That offense spread out the field for the quarterback, who was utilized as both a passer and a runner.

"That spring practice, it was a little bit more geared towards Cullen's strengths -- a little bit more under center, play-action, drop back-type stuff, a little bit more I-formation with the tight end," Korn said. "That [was] fine. I felt like I adapted pretty well to it. I was expecting it to be more spread out than it was, but I picked it up pretty quick and just did as best I could to compete."

Harper received a bulk of the first-team snaps during preseason camp.

"I wanted to compete and wanted to be that guy, but I knew I had to wait for my turn and earn my spot in due time," Korn said.

His first career snap was against Louisiana-Monroe in the second game of the season. The first shoulder injury occurred a week later against Furman.

"It was a play-action pass, I went to run and I was thinking I was still at Byrnes…I was an idiot, should have thrown the ball away. I tried to lower my shoulder on this big linebacker," Korn said.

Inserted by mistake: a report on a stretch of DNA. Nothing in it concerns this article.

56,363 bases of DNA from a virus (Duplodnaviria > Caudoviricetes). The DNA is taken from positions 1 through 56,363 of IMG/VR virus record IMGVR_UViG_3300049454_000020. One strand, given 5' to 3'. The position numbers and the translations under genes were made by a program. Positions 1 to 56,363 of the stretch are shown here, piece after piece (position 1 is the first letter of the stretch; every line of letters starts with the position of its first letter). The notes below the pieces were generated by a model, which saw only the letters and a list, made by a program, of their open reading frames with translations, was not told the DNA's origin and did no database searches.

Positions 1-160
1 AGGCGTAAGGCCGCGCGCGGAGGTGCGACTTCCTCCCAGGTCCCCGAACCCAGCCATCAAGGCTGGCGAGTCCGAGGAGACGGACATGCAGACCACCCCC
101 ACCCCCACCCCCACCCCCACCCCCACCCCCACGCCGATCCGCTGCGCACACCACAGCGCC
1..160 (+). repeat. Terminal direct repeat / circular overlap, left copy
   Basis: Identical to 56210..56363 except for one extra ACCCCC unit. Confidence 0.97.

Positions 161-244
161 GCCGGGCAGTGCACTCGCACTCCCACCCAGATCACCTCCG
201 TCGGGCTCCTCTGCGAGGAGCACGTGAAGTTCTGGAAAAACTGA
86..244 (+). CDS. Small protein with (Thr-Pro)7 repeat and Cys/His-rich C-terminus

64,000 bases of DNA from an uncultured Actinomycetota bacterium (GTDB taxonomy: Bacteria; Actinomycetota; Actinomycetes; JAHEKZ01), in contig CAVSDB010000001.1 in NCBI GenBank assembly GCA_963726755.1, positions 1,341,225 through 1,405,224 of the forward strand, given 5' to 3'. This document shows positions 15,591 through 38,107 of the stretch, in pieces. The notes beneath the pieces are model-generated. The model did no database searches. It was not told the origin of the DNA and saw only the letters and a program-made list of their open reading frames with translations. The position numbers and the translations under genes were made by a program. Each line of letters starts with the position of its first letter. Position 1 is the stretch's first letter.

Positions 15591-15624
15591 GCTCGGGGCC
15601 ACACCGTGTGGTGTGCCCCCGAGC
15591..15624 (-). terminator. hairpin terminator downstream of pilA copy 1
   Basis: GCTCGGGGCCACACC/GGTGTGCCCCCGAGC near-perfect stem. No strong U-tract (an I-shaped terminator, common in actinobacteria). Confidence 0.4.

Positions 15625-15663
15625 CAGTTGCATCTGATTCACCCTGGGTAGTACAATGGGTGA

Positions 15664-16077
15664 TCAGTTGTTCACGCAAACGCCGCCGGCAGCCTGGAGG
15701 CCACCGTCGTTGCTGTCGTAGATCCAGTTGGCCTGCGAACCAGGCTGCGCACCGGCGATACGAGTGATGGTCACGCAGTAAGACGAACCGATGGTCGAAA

On the ground he went after taking a hit directly to the shoulder.

"It felt really weird. I felt something pop in my shoulder," Korn said.

His roommate, fullback Chad Diehl, suffered a broken leg in the same game. Korn decided to have his shoulder looked at when he took Diehl for treatment the next morning.

It was a hairline fracture in collarbone of his throwing shoulder.

Something was off when Korn began his second spring practice.

Korn would go on to learn that his shoulder didn't heal properly after he opted to redshirt in the previous season, largely because he continued to throw in practice and in warm-ups.

"Definitely, in that spring practice, I wasn't throwing the same way that I'm used to," he said. "I was dropping the ball down really low, got into some bad habits after I decided to redshirt."

Even as Korn battled again with Harper for the starting job, he wasn't aware that his throws weren't sound, "technically and fundamentally."

The pressure mounted.

"I never had to think about, make sure you do this mechanically. Make sure you do this fundamentally," he said. "Then you get asked about it by about 10 reporters everyday. It starts to weigh on you.

Korn speaks with the media after practice on Oct. 13, 2008 - the day Tommy Bowden resigned. (Roy Philpott)
"That's when I realized, all right, I need to fix this. But even then I still should have put more emphasis into than I did. I was still focused on, I've got to keep the beat in practice. I've got to show coach Spence that I'm worthy of playing time."